towl1996

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I asked about the F39 in another thread and here is the responce...


Quote from: towl1996 on Yesterday at 04:58:00 PM

Not trying to cause too much tread drift, but is the F39 dead?


 

No the F39 car frame sits in front of me now - we had real difficulty in getting the side bars looking OK. We tried an etch but this did not work, so are now going to cast them. However, the first pattern of the side bars was not good enough either, so we have had another tool made. I am awaiting the first run of these now.

Then the wooden deck producer went under. We have the CAD for the laser etch of the deck done, but had difficulty getting wood for the decks. This has now arrived, and we are trying out another supplier - who has taken some of our other decks away and said that they can do them. If this proves positive, the F39 should finally come together.

We have had our main tooling done for many months - but we do need both the side bars and the decks to finish it off. Apologies.

Peter

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GaryHinshaw

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Meh, I've given up on N Scale Kits....

I had similar concerns, but just today Peter announced on TB that the new 53' all-purpose well cars are ready.  Probably not of interest to readers of this thread, but at least NSK activity seem to be picking up again.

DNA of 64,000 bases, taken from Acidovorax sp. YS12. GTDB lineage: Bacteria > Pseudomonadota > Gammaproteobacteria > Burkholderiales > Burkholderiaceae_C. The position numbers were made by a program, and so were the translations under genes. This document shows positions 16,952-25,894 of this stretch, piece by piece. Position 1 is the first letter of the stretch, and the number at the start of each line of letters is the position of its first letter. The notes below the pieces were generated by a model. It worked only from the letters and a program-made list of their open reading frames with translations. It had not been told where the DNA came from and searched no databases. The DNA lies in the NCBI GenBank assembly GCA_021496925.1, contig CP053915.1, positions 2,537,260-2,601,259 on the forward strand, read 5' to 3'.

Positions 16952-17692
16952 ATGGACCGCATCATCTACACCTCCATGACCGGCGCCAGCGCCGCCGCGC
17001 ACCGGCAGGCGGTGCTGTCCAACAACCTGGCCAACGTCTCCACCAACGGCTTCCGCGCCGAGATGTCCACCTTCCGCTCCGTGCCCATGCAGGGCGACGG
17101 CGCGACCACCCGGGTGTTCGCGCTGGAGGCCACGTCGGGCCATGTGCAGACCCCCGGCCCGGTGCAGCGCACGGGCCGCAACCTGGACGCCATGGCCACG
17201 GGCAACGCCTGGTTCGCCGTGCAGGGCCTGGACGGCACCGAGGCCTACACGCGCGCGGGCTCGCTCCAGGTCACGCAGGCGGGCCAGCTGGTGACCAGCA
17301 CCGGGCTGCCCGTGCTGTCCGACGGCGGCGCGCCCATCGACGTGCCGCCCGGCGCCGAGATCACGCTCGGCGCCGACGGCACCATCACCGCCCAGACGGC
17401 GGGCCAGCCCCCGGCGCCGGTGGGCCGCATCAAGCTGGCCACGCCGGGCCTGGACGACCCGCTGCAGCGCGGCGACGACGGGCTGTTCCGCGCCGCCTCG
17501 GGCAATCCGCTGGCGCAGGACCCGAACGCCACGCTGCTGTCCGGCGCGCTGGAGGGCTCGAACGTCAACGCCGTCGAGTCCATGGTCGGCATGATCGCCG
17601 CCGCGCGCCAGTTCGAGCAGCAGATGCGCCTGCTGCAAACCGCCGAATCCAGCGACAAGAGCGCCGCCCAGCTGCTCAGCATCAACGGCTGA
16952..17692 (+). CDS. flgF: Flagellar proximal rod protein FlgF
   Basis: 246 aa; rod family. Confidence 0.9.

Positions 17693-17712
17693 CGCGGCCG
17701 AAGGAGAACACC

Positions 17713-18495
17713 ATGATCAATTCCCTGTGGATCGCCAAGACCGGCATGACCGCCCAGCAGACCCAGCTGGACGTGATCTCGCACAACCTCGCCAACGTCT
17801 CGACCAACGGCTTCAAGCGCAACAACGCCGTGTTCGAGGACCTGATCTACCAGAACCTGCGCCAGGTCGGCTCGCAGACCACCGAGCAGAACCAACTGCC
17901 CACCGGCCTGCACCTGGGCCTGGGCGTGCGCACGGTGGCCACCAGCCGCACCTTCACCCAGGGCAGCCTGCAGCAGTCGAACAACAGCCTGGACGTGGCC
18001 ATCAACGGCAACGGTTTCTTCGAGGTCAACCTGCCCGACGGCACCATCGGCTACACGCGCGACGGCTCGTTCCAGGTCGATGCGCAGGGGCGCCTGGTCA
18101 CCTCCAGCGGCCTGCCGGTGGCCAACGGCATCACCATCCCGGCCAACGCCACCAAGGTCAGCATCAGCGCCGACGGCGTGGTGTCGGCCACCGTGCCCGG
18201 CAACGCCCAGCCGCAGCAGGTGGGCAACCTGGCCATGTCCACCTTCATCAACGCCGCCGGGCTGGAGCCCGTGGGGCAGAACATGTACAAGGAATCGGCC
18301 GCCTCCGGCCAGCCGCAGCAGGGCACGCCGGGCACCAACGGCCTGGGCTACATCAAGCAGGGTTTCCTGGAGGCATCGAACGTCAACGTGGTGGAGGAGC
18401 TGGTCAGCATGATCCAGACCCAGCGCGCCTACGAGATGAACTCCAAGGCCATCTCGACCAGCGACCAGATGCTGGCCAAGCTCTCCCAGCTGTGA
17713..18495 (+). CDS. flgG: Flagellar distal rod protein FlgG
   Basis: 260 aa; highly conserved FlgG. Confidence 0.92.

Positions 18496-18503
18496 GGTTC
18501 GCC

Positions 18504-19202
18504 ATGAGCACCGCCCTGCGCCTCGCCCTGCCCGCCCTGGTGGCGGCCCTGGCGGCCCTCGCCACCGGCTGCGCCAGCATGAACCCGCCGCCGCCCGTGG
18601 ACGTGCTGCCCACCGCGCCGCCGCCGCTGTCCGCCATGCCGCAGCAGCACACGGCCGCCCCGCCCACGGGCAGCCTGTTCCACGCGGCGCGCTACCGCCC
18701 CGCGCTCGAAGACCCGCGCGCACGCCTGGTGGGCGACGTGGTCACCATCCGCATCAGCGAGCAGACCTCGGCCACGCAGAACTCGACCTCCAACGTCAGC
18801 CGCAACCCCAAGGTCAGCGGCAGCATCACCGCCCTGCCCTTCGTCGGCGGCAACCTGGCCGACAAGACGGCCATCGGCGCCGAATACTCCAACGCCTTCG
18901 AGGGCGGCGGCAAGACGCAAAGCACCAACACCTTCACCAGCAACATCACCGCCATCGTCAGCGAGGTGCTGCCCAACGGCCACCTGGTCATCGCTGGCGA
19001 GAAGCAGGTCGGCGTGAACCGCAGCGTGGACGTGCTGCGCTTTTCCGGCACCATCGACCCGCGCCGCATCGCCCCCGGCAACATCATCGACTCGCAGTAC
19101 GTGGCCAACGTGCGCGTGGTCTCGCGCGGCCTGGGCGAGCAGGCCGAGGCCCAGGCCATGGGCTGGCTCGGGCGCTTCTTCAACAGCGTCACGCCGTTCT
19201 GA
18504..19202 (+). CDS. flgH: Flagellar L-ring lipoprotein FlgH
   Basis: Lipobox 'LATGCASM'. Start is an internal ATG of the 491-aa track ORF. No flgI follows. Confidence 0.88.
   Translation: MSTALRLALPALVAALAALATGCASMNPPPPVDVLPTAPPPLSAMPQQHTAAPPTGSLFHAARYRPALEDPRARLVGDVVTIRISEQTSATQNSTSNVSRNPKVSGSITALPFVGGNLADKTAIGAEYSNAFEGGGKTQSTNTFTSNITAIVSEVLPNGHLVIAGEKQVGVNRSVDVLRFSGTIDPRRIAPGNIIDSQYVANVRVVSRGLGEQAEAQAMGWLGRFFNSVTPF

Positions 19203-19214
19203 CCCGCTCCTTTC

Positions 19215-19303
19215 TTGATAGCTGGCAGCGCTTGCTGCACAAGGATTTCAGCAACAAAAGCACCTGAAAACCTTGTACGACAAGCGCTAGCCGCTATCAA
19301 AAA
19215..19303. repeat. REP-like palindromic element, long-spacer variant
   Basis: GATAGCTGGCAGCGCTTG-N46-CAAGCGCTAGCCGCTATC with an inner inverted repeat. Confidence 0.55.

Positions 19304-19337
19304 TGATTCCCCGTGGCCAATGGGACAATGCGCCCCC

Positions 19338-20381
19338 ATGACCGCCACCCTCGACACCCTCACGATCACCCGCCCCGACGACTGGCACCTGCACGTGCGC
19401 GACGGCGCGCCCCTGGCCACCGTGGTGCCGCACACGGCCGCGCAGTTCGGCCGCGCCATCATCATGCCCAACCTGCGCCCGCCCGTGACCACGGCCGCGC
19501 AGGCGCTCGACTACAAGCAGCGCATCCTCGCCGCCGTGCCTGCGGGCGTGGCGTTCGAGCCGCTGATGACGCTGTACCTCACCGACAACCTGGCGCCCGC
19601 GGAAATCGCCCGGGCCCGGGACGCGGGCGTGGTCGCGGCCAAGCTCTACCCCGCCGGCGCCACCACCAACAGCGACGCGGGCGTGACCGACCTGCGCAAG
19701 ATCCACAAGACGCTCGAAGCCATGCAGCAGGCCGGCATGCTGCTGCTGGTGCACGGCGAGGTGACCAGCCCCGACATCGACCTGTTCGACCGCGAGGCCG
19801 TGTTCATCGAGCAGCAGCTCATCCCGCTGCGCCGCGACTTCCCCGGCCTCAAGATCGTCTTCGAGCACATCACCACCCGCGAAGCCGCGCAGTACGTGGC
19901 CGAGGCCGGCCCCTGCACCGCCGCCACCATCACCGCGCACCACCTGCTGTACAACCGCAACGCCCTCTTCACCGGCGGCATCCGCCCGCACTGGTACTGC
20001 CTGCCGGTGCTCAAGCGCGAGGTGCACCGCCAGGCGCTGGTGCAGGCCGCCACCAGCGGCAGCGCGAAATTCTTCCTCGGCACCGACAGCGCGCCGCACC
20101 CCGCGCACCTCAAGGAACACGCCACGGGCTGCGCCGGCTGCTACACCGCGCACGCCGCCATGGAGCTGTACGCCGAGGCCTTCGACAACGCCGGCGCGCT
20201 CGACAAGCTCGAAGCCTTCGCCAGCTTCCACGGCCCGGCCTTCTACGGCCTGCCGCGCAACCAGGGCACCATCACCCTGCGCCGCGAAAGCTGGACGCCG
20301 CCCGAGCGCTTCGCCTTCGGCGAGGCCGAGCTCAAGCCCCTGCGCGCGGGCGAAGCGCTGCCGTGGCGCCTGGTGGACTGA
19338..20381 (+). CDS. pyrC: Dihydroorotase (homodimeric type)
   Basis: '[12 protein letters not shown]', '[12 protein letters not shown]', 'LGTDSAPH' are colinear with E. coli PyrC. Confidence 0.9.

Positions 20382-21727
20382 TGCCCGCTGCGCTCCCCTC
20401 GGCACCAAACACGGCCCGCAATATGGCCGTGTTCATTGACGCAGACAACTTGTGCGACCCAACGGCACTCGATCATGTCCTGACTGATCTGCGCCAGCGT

mmagliaro

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Max, I was waiting for that reply because I was not sure.  Hopefully the design will utilize a piece(s) of PC board to solder the sideframes to, then with a slpit down the middle a wire can be added very close to the bolster pivot to minimize wire movement and hide the wire under the tender frame.  Does anybody make/sell isolated axles (even though it would be easy to make)?  Imagine a 16 wheel electrical pickup!

I anxoiusly await these. :)
Nobody makes isolated axles that I know of.  Kato used to have 33" wheelsets for sale separately, which were the ones
from their tenders and lighted caboose, and were insulated in the middle with both wheels metal.  But those are gone.  I think they still have the 36" passenger car ones, but those are too large.
They are really not that hard to make.  You can take two Atlas or Fox Valley metal wheelsets, cut the axles in half with a Dremel, and only keep the two "live" halves.  Then you shove them into a short bit of styrene tube. 

Joining the sideframes to an insulated bolsted with wire leads is the tricky part.  I've done it the way you suggested, soldering them to a piece of PC board.  It works great.  But it takes a lot of work.



superturbine

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Re: PRR FD2 'Queen Mary' Depressed Center Well Car Kit - on T1 tender trucks N S
« Reply #11 on: September 18, 2012, 12:05:24 AM »
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Hmmmm....T1 tender trucks!

Interesting timing!

prbharris

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And by the way, Pennsy fans, I believe those 4-axle trucks were also the same as the ones used under the bigger coast-to-coast tenders behind the M1 and I1... the ones with the, well, 4-axle trucks.